• 294.
    Arvidson, Johan
    et al.
    Uppsala University, Disciplinary Domain of Medicine and Pharmacy, Faculty of Medicine, Department of Women's and Children's Health.
    Söderhäll, Stefan
    Eksborg, Staffan
    Björk, Olle
    Kreuger, Anders
    Uppsala University, Disciplinary Domain of Medicine and Pharmacy, Faculty of Medicine, Department of Women's and Children's Health.
    Medical follow-up visits in adults 5-25 years after treatment for childhood acute leukaemia, lymphoma or Wilms' tumour2006In: Acta Paediatrica, ISSN 0803-5253, E-ISSN 1651-2227, Vol. 95, no 8, p. 922-928Article in journal (Refereed)
    Abstract [en]

    Aim: One aspect of organizing medical follow-up for adult survivors of childhood cancer is to determine to what extent the former patient experiences a need for health services. In the present paper, we studied how the healthcare needs, both subjectively and objectively, were fulfilled for our former patients. Methods: 335 survivors over 18 y of age, with a follow-up time of more than 5 y after completion of therapy, were sent a questionnaire probing their present use of health services. Results: The response rate was 73%. A majority ( 60%) of the survivors had no regular follow-up visits, and 42% of these reported that they missed not having one. More than one third were thus far dissatisfied with the follow-up programme. Only 3% of those who had regular follow-ups found them "unnecessary''. Complaints subjectively related to their diseases or treatments were reported by 47%. Out of all responders, 34% did not miss having regular follow-up visits. Neither perceived disease-related complaints nor radiation therapy was a predictor for having a scheduled follow-up visit.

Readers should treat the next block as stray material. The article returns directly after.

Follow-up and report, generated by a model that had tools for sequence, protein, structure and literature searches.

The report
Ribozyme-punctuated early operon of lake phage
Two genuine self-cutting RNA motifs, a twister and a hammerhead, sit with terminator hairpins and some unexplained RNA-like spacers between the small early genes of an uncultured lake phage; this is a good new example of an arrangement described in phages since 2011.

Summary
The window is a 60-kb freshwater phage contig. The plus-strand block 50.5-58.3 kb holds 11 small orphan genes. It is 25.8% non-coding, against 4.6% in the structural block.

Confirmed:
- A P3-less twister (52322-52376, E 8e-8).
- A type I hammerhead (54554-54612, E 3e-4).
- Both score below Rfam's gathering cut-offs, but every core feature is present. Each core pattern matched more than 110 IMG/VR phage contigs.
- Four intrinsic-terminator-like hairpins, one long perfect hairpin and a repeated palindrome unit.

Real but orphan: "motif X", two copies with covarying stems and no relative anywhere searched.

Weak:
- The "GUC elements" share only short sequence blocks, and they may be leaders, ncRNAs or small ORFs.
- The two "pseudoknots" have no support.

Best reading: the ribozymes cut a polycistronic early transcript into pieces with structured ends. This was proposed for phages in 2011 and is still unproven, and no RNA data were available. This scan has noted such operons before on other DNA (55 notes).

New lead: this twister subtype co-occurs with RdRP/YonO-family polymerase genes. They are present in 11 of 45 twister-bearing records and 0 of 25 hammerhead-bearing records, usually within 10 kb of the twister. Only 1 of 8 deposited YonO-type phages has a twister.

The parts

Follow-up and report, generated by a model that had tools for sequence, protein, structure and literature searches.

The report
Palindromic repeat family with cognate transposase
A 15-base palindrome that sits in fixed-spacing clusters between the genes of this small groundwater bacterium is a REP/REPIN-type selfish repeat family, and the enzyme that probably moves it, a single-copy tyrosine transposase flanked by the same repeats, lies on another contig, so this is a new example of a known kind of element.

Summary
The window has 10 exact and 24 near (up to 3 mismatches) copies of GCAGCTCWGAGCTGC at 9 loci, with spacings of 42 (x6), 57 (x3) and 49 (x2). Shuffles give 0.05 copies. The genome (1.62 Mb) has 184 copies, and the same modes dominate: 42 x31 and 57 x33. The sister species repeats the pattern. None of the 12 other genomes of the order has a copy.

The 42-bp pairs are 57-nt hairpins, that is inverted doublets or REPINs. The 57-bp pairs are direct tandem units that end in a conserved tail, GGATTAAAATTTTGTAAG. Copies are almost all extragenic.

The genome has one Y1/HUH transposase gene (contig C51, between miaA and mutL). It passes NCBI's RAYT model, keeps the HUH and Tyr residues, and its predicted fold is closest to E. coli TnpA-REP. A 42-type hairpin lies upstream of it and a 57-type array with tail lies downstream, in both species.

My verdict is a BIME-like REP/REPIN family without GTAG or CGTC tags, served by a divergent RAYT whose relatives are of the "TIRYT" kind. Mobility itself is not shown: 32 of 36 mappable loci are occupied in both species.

• 295.
    Arvidsson, Anna
    Uppsala University, Disciplinary Domain of Medicine and Pharmacy, Faculty of Medicine, Department of Women's and Children's Health, International Maternal and Child Health (IMCH).
    Challenges of transnational parenthood: Exploring different perspectives of surrogacy in Sweden and India2019Doctoral thesis, comprehensive summary (Other academic)
    Abstract [en]